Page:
• the water of Internet-based supply-chain management, but they must choose to drink themselves. URLs AspenTech (www.aspentech.com) bStreamz (www.bstreamz.com) Chemdex (www.chemdex.com) Collaborative filtering (www.acm.org/siggroup/collab.html) CPFR (www.cpfr.org) DoubleClick (www.doubleclick.com) Edify (www.edify.com) e-steel (www.e-steel.com) FastParts.com (www.fastparts.com) FreightMatrix (www.freightmatrix.com) FreightWise (www.freightwise.com) HNC Software (www.hncs.com) i2 (www.i2.com) IBM (www.ibm.com/e-business) Inference (www.inference.com) JD Edwards (www.jdedwards.com) Logistics.com (www.logistics.com) Manugistics (www.manugistics.com) mySAP.com (www.mysap.com) Page 23 of 31
    • NEOS (neos.mcs.anl.gov) net.Genesis (www.netgen.com) Net Perceptions (www.netperceptions.com) Oracle (www.oracle.com) oracleexchange.com (www.oracleexchange.com) PeopleSoft (www.peoplesoft.com) Quadstone (www.quadstone.com) SAP (www.sap.com) SAP’s PLM capabilities (www.sap.com/plm) SciQuest (www.sciquest.com) ServiceSoft (www.servicesoft.com) SilkNet (www.silknet.com) System Dynamics Society (www.albany.edu/tree-tops/cpr/sds/index.html) tradeMatrix.com (www.tradematrix.com) Vignette (www.vignette.com) WebTrends (www.webtrends.com) Webvan (www.webvan.com) References Dahir, M. 2000. “Watching you,” The Industry Standard, May 8. Retrieved October 27, 2000 from www.thestandard.com/article/display/0,1151,14732,00.html?nl=nr Page 24 of 31
    • Dell, A. 2000, “Meeting supplier demand,” Business 2.0, March, p. 78. Retrieved October 27, 2000 from www.business2.com/content/magazine/ebusiness/2000/03/01/11061 Fourer, Robert and Goux, Jean-Pierre 2001, “Optimization as an Internet resource,” Interfaces, Vol. 31, No. 2 (March-April), pp. xx-xx. Gillett, F. E. 1999, “On-line retail data strategies,” Forrester Report, May. Retrieved October 27, 2000 from www.forrester.com/ER/Research/Report/0,1338,7294,FF.html (subscribers only) Grebb, M. 2000, “Behavioral science,” Business 2.0, March, pp. 112-114. Retrieved October 27, 2000 from www.business2.com/content/magazine/marketing/2000/03/01/15576 Hiquet, B. D., Kelly, A. F., and CCAi, Inc. 1998, SAP R/3 Implementation Guide: A Manager’s Guide to Understanding SAP, Macmillan Technical Publishing, Indianapolis, Indiana. Kaplan, S. and Sawhney, M. 2000, "E-Hubs: The new B2B marketplaces," Harvard Business Review, Vol. 78, No. 3 (May-June), pp. 97-103. Page 25 of 31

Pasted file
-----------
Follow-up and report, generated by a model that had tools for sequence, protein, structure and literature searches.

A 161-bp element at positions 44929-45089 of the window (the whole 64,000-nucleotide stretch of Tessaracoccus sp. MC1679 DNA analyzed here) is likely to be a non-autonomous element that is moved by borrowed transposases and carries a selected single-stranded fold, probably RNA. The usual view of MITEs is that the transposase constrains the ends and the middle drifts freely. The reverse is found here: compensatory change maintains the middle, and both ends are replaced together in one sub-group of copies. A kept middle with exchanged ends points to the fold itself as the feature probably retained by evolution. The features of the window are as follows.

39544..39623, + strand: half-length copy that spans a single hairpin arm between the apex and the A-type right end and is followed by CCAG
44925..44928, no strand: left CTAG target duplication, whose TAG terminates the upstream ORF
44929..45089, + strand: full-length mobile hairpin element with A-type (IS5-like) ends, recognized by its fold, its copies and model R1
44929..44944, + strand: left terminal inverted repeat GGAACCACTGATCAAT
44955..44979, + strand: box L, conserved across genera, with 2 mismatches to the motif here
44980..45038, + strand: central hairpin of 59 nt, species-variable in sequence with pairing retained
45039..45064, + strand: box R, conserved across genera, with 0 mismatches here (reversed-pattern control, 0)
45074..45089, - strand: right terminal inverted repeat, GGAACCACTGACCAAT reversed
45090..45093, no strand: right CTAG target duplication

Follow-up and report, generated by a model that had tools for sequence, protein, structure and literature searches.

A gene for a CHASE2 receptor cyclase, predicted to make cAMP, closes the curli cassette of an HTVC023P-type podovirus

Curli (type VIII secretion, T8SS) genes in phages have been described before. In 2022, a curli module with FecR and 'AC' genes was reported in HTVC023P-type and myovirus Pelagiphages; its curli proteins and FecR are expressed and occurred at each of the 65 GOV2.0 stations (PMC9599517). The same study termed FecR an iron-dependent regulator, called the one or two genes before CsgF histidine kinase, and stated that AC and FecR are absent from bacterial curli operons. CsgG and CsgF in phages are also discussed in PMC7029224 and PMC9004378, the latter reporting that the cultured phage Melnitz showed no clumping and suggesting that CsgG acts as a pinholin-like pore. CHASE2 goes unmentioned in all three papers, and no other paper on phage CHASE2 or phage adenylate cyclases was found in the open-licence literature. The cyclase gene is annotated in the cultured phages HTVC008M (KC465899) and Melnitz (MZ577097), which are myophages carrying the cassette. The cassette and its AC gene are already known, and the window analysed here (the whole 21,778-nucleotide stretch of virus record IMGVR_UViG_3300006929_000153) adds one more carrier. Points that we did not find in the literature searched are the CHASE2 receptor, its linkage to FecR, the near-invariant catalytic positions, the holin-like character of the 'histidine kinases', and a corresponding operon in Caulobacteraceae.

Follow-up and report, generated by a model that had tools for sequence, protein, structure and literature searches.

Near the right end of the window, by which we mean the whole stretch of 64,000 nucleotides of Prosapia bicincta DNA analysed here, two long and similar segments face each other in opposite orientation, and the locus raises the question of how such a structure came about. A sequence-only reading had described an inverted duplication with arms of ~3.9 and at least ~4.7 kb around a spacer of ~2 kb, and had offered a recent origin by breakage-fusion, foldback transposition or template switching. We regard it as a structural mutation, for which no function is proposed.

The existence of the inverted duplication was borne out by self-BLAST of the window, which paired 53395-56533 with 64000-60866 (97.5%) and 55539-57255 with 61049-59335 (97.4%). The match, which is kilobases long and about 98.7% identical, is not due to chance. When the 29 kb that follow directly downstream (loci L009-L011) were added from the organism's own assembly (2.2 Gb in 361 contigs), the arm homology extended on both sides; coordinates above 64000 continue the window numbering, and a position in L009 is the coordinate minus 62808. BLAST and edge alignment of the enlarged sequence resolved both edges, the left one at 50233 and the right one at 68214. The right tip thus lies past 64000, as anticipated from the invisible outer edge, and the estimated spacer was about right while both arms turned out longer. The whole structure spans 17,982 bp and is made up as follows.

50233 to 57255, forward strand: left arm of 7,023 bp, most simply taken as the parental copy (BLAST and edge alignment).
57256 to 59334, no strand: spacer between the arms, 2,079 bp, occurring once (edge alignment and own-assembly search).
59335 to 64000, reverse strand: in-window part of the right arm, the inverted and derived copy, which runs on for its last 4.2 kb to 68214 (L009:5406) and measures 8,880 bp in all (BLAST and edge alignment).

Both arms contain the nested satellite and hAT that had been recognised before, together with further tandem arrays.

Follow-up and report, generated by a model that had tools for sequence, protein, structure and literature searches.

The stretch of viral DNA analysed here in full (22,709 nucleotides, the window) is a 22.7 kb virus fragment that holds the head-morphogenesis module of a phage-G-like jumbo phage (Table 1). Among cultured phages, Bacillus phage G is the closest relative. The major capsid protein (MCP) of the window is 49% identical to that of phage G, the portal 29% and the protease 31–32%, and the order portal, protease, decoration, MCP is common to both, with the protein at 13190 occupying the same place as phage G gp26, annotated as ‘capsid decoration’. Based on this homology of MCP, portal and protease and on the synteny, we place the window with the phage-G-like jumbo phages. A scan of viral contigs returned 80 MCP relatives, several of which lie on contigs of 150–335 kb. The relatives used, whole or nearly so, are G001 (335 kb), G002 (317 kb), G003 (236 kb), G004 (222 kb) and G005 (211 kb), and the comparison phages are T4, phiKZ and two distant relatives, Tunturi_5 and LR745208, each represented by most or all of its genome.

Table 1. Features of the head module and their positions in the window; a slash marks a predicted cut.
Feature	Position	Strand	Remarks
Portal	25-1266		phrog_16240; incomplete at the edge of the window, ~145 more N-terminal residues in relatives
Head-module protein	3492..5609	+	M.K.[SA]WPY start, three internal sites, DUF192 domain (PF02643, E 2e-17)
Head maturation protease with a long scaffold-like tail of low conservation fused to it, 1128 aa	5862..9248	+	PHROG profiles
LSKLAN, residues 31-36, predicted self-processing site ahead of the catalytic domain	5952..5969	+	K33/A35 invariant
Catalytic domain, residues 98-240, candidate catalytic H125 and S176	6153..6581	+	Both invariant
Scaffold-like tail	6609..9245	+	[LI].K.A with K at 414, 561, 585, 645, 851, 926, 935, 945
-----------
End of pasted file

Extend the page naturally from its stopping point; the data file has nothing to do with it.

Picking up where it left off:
• Phillips, C. and Meeker M., 2000, The B2B Internet Report: Collaborative Commerce, Morgan Stanley Dean Witter, Equity Research, North America. Retrieved October 27, 2000 from www.msdw.com/techresearch/b2b/info.html Sodhi, M. 2000, "Getting the most from planning technologies," Supply Chain Management Review – Global Supplement, Vol. 3, No. 4 (Winter), pp. 19-23. Page 26 of 31